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Tablet Coating

After making a good tablet, you must often coat it. The coating can have several functions. It can strengthen the tablet, control its release, improve its taste, color it, and make it easier to handle and package, and protect it from moisture. This article reviews the basics of tablet coating and describes common tablet coating defects.

There are many ways to coat tablets. 
  1. Sugar coating was one of the earliest methods, and the process is still widely used in the confectionery industry. 
  2. Wurster coating is another means. It employs a cylindrical chamber in which tablets are suspended by air and a coating solution is introduced into the air stream. 
  3. Fluid-bed coating is a similar process. The dry coating is the technique of making a tablet within a tablet. But the principal means of applying a coating to pharmaceutical and nutraceutical tablets is called film coating, and it is the focus of this article.

Coating Solutions
Film coatings are a mixture of solids and liquids. For many years, the liquid component of coatings was a volatile solvent, such as alcohol or other quick-drying substances like methylene chloride. While solvent-based coatings performed well in many respects, they presented problems in handling, operator safety, recovery, and odor. They could even make the finished tablets smell like a solvent, which is not a desirable side effect.  Solvent-based coatings are still used in some applications, but water-based, or aqueous, coatings have largely replaced them.

As a result, the coating has become much more challenging, because water-based coatings are much less forgiving. You must apply the coating and remove the water before it can jeopardize the integrity of the tablet. of the liquid component. It might be helpful for you to think of film-coating tablets as spray-painting a bunch of golf balls. You can envision that it’s best to spray them lightly and evenly so that successive light coatings lock together. That’s how tablet coating works.


Once the base coating is applied, you can increase the rate of solution addition and the pan speed proportionately. Typically, it takes about 20 minutes before you can increase the spray rate and pan speed significantly. 

Soft tablets and tablets that are very porous may require an initial spray rate that is slower than the average of 100 milliliters per minute per gun. 

Be sure to monitor spraying to see whether the spray pattern changes. If it does, there is likely a buildup of solids on the gun tips. You can correct this only by cleaning the tips, which means stopping the spray and the pan. 

The film coating solution dries on the tablet surface because there is a constant supply of hot air entering the drum and passing through the drum’s perforations into the bed of tablets. Over time, the film builds layer after layer of solids. How long it takes to form the final film varies from dozens of minutes to a few hours. It depends on tablet quality, the coating solution type (solvent-based coatings dry faster), the percentage of solids in the coating, and the rate of coating addition.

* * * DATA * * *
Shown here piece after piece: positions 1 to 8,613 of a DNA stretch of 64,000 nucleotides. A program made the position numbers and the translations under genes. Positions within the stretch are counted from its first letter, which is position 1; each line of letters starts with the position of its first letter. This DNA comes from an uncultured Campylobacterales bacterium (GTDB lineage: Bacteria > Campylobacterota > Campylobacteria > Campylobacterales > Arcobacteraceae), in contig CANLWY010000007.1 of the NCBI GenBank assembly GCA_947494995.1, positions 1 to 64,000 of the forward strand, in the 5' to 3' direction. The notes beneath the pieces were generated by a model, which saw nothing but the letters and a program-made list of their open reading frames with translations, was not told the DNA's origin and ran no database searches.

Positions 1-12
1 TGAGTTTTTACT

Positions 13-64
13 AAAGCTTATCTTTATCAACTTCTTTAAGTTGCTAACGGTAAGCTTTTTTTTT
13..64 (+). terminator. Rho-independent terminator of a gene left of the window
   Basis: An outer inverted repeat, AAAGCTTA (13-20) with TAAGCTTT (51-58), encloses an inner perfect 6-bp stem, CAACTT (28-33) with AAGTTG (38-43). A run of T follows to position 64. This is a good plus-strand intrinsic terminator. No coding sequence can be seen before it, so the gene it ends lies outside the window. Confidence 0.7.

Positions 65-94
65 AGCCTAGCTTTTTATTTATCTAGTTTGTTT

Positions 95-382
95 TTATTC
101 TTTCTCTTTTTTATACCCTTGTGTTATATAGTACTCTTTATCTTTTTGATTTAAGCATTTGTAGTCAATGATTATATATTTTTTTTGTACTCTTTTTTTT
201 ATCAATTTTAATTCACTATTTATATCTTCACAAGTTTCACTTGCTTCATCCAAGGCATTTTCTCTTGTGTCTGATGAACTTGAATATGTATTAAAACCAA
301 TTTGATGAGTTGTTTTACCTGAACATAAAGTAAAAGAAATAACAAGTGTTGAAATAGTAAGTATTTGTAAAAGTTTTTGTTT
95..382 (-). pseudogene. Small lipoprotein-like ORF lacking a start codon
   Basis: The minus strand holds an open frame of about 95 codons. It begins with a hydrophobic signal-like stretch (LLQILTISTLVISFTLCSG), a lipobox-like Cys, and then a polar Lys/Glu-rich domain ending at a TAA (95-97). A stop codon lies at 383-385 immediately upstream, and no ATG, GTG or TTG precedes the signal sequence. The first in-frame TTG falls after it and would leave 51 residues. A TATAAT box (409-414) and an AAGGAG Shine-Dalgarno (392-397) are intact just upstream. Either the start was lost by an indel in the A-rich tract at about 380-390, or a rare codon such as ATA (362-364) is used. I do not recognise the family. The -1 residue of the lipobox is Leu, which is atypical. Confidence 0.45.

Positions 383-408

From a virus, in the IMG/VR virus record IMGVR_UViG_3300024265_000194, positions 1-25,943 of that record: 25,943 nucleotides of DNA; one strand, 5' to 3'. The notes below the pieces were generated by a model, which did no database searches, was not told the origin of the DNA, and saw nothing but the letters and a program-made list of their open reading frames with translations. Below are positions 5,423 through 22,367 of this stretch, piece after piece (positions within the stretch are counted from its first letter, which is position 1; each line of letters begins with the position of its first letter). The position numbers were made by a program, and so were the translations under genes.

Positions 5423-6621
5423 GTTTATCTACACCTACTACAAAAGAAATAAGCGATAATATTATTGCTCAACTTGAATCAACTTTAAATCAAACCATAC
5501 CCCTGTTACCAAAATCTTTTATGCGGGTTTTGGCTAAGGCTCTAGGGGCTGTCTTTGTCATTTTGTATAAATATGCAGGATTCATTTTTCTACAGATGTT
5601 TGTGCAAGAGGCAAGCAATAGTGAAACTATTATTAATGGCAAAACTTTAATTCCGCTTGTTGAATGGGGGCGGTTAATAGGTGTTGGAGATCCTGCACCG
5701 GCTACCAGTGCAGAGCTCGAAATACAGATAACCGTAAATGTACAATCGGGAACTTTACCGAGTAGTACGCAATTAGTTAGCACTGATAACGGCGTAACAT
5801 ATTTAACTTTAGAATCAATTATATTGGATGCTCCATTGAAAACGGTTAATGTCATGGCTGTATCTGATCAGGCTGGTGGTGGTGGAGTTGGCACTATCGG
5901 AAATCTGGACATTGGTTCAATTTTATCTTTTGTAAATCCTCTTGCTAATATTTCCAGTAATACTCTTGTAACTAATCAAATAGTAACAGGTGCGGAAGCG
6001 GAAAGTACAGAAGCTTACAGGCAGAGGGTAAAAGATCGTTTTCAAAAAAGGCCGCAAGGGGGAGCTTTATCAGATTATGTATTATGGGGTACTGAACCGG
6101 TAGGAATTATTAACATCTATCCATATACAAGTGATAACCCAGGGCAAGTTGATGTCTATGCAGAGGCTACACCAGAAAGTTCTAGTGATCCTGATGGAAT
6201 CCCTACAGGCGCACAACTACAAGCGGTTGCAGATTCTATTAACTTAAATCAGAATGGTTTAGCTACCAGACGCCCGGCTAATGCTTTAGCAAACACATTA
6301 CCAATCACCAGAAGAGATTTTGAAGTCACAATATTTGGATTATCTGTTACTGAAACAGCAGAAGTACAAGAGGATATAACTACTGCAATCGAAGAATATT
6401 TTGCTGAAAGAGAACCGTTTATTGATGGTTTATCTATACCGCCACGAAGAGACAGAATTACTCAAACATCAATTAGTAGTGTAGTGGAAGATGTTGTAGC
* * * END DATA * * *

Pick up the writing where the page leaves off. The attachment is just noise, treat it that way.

Other important factors include the air volume, air temperature, and air pressure within the coating cabinet. After you’ve finished applying the solution and drying it, the tablets must cool.

For coatings to adhere properly, the tablets must remain at a specific temperature, the solution must be applied at a consistent rate, and the motion of the tablets must be active yet tranquil. Disrupt any of these conditions, and you will often produce a defective tablet. For reproducible results, you have to eliminate or minimize every possible variable. That begins with tablet quality.

Tablet Quality
Description of tablet coating presumes you are coating high-quality tablets that are tough enough to tumble as they’re coated and dried. If tablet quality is consistent, the coating process is much easier. Consistency is typically not a problem for pharmaceutical manufacturers.

It’s more of an issue for makers of vitamins, herbals, and other dietary supplements because they use many natural ingredients that vary in moisture content, bulk density, granule structure, flow characteristics, and compressibility. So naturally—pardon the pun— the quality of their tablets tends to vary.

You can’t coat a bad or marginal tablet and expect a good tablet when you’re done. First, the tablets must be consistent in porosity and hardness. They must also be free of dust. Furthermore, they must not break apart during the preheat cycle at the start of the coating process or during the first few minutes of exposure to the atomized solution.